“While their numbers are a little smaller than ours, their data tends to track ours very closely in terms of trends,” Anderson said. “When we saw the numbers we expected that ours would show the same thing.”
In Atlanta, the rise in homicides was even higher. The Atlanta Police Department investigated 157 homicide cases in 2020, up from 99 in 2019 and the most in more than two decades. This week, the city recorded its 122nd homicide, up from the 106 investigated as of Oct. 5, 2020, APD data shows.
Mayor Keisha Lance Bottoms, who is not seeking a second term, has pointed to what she calls a “COVID crime wave” to explain the deadly surge. Others, including law enforcement agencies, agree though it’s hard to pinpoint the exact causes.
“There are a lot of potential reasons why this happening that are related to the pandemic,” Anderson said.
During the spring of 2020, many metro Atlanta agencies reported decreases in crime when coronavirus concerns closed schools and businesses and Gov. Brian Kemp issued a shelter-in-place order. The lull didn’t last, and police agencies throughout the metro area reported an increase in homicides.
DeKalb County police investigated 129 homicides in 2020, up slightly from 125 in 2019. In a December interview with the AJC, DeKalb CEO Michael Thurmond said anxiety and fear over the coronavirus or finances can contribute to violence, he said.
“Hungry people do desperate things,” Thurmond said. “And we know that food insecurity is a major issue right now.”
Law enforcement agencies were also limited in their ability to interact with citizens and build relationships, Thurmond said.
“One of the challenges that police departments are having right now is that they can’t interact with the public like they usually do,” he said. “Our goal is to eliminate homicides in DeKalb.”
Tomeka Pless is grieving her 18-year-old son, shot to death in June 2020. Jalanni Pless was killed while selling water bottles, and his mother said the pandemic stopped kids from their normal activities.
“They’re in survival mood,” Tomeka Pless told the AJC in a recent interview. “They’re doing whatever it takes.”
It wasn’t just Atlanta where violence skyrocketed. FBI data showed a marked increase in Georgia’s violent crime rate, outpacing the U.S. average, although more law enforcement agencies submitted information last year than in 2019.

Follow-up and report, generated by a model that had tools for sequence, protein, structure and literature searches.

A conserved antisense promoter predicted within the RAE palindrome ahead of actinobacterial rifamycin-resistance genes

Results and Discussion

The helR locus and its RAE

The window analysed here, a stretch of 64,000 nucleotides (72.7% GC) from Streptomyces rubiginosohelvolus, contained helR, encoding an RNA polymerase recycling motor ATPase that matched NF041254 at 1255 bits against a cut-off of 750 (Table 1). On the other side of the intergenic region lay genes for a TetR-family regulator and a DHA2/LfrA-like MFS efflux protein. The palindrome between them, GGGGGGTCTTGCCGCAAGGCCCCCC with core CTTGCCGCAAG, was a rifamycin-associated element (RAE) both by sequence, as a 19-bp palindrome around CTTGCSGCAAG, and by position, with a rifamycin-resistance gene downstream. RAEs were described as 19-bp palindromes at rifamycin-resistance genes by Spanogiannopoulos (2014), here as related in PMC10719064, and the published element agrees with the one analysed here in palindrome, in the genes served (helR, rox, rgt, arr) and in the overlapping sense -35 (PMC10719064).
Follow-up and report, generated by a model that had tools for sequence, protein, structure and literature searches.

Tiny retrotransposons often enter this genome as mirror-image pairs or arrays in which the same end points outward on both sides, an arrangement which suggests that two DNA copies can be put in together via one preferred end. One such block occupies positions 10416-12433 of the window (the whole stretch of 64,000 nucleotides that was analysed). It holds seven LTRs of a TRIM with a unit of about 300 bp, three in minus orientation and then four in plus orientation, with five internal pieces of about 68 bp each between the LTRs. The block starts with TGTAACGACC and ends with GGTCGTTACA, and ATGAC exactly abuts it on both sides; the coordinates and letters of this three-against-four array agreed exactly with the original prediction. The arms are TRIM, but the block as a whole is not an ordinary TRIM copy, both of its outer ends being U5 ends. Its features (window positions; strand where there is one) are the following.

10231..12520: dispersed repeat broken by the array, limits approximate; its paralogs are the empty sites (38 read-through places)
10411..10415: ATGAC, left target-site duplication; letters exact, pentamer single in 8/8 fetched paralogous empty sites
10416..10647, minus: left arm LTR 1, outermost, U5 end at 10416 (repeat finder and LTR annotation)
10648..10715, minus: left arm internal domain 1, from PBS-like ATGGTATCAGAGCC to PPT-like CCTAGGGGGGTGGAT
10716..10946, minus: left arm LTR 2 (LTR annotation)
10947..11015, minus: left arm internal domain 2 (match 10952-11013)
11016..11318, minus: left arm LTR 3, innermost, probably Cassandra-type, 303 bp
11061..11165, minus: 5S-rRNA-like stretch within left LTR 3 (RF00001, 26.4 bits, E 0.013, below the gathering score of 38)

According to the GBI, the increase in reporting was partly a result of a change in the system for submitting the data. The GBI also reached out to Georgia departments to encourage and help them report.
A recent AJC investigation showed that towns and cities across the state also are grappling with homicide spikes. Spalding County, for instance, saw nine killings in 2020, up from one the prior year.
In Atlanta, the police department and Bottoms continue working to curb the violence.
On Monday, the Atlanta City Council passed legislation that will officially establish the Office of Violence Reduction. Bottoms announced in July that she would pursue a $70 million investment into plans to combat violent crime. Some of those funds will go into the new violence reduction office.
Meanwhile, Atlanta Police Chief Rodney Bryant has said the department remains vigilant in fighting crime. Bryant’s summer goals included targeting the hardest-hit areas, addressing gun violence and gangs, and increasing officers’ presence, he said in June. The department has also used social media to spread the word.
“Put the guns down,” Atlanta police Deputy Chief Charles Hampton said during an August news conference. “Let’s just be decent human beings.”
APD is also ramping up recruiting efforts to increase the number of officers on the force.
CITY OF ATLANTA HOMICIDES
2021: 122 on Wednesday
Source: APD/FBI crime data